I sit in the car. Veronica will take a little while to come. She is meeting other members of the Managing Committee of the Silent Home. I think, we all grew up on photoshopped photographs of beautiful children with chubby cheeks and pony tails. Reality is different. Children feel, understand and react. They are Masters of the Game. They display fine nuances of human behaviour. They are perfectionists at the art of innuendo. They observe, understand, learn, memorise, decide, solve, intuit, exploit, reason and imagine based on genetics and environment. They teach adults a lot using their limited abilities.

I think we forget our villains and our heroes even faster. Veronica and Uncle Mohan’s Silent home is an attempt to build strong children rather than repair broken men. As we leave the place, all the children stand in line on both sides of the car to see us off. It feels grand. I am touched. Once in the car, Veronica looks satisfied. She reclines against the car window. She is tired but she has a glow on her face. I tell her. “Thanks. I had an interesting day. Does doing what you do give you fulfilment? Does it fill the vacuum in your life?” She does not answer. Even Golu thinks it is a stupid question. As I drive back, I am filled with an overwhelming joy. Golu is playing with his toy Ferrari. Suddenly, he asks me mischievously, “I love my didi. Do you love her too?” I look back at him. I slow down the car. I have always seen Golu as an adversary because he spends more time with Veronica. She changes her profile photo on WhatsApp every day. All photos are of Golu and her together. Golu sitting in her lap, going to school, eating breakfast, getting kissed by Veronica on his cheeks, the list is endless. I wonder whether Golu has timed his remark. I look at Veronica who is looking out of the window. She feels vulnerable. I am careful. Golu’s question has shifted the balance in our relationship. I reply with hesitation, “I love what your didi does?” Golu is satisfied with the answer. He goes back to playing with his toy car. Veronica ties her hair in a bun behind her back. She looks at me in the eye. She acts as if she has not heard my answer. She has a gift for me. She hands over a bottle of Hennessy Cognac picked from her home duty-free bar. I know the bottle has been bought overseas. She tells me, “Thank you. This time I will not take the gift back.”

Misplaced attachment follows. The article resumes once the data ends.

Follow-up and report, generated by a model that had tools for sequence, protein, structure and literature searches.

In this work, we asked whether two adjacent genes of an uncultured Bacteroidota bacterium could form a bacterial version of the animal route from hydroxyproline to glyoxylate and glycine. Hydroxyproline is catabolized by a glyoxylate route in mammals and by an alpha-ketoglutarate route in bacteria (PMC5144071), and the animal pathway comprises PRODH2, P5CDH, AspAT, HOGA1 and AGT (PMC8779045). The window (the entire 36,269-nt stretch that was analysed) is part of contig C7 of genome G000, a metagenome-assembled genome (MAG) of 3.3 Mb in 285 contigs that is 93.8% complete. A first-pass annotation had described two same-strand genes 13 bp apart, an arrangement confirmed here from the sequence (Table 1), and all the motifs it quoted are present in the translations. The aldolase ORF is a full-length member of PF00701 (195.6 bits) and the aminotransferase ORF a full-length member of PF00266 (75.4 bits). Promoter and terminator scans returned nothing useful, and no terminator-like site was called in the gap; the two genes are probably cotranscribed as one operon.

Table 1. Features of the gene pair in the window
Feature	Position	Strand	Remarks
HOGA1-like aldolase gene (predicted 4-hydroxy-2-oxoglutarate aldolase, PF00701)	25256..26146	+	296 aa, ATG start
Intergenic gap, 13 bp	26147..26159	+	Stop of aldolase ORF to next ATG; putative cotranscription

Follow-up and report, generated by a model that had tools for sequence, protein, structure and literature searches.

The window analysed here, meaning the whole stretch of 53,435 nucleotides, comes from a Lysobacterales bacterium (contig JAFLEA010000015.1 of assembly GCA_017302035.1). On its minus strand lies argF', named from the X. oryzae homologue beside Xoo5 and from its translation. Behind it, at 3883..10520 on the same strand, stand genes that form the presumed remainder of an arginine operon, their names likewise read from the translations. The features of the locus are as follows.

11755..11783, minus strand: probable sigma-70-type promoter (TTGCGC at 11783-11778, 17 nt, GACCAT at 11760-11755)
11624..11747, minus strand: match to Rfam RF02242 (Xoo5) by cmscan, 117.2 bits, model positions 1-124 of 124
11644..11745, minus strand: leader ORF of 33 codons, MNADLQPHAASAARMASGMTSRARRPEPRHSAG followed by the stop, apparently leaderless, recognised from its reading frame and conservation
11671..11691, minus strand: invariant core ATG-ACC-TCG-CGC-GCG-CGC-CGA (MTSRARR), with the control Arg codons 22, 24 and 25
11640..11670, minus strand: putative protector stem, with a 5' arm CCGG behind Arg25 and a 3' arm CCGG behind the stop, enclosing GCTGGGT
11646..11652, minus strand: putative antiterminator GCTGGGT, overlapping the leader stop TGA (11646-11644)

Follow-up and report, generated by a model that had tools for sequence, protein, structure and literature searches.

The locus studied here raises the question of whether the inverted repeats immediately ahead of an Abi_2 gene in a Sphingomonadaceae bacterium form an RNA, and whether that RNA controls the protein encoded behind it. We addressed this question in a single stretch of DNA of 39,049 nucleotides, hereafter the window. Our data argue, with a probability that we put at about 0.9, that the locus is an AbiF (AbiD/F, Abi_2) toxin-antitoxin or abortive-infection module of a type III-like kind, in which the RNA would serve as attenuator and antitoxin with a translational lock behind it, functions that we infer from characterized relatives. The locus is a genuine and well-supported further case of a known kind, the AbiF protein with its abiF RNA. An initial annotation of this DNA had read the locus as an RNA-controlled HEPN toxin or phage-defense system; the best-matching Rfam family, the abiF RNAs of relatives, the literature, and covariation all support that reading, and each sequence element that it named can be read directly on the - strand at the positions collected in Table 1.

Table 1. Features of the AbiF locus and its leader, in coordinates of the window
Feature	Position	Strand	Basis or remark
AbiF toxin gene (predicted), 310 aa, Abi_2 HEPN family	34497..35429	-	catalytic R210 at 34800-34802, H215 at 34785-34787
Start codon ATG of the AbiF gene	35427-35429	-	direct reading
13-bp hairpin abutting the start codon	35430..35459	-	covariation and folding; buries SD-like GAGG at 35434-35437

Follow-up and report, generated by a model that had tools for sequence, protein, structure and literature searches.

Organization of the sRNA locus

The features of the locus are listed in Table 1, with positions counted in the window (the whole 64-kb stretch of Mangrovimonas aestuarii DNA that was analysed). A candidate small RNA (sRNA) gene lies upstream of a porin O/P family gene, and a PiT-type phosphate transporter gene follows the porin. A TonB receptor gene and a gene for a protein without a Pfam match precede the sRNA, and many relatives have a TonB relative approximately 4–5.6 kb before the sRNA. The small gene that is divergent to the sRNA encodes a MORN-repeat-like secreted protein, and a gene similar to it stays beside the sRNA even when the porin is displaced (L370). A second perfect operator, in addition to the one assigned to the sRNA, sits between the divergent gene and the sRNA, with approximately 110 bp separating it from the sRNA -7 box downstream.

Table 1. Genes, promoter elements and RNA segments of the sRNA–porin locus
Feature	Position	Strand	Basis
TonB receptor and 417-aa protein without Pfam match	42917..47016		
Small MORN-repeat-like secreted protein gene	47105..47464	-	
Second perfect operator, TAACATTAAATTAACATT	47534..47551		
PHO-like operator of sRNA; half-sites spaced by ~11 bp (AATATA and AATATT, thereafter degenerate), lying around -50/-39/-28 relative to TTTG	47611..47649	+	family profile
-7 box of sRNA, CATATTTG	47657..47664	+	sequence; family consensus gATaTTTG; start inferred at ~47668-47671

BUMPS ON THE ROAD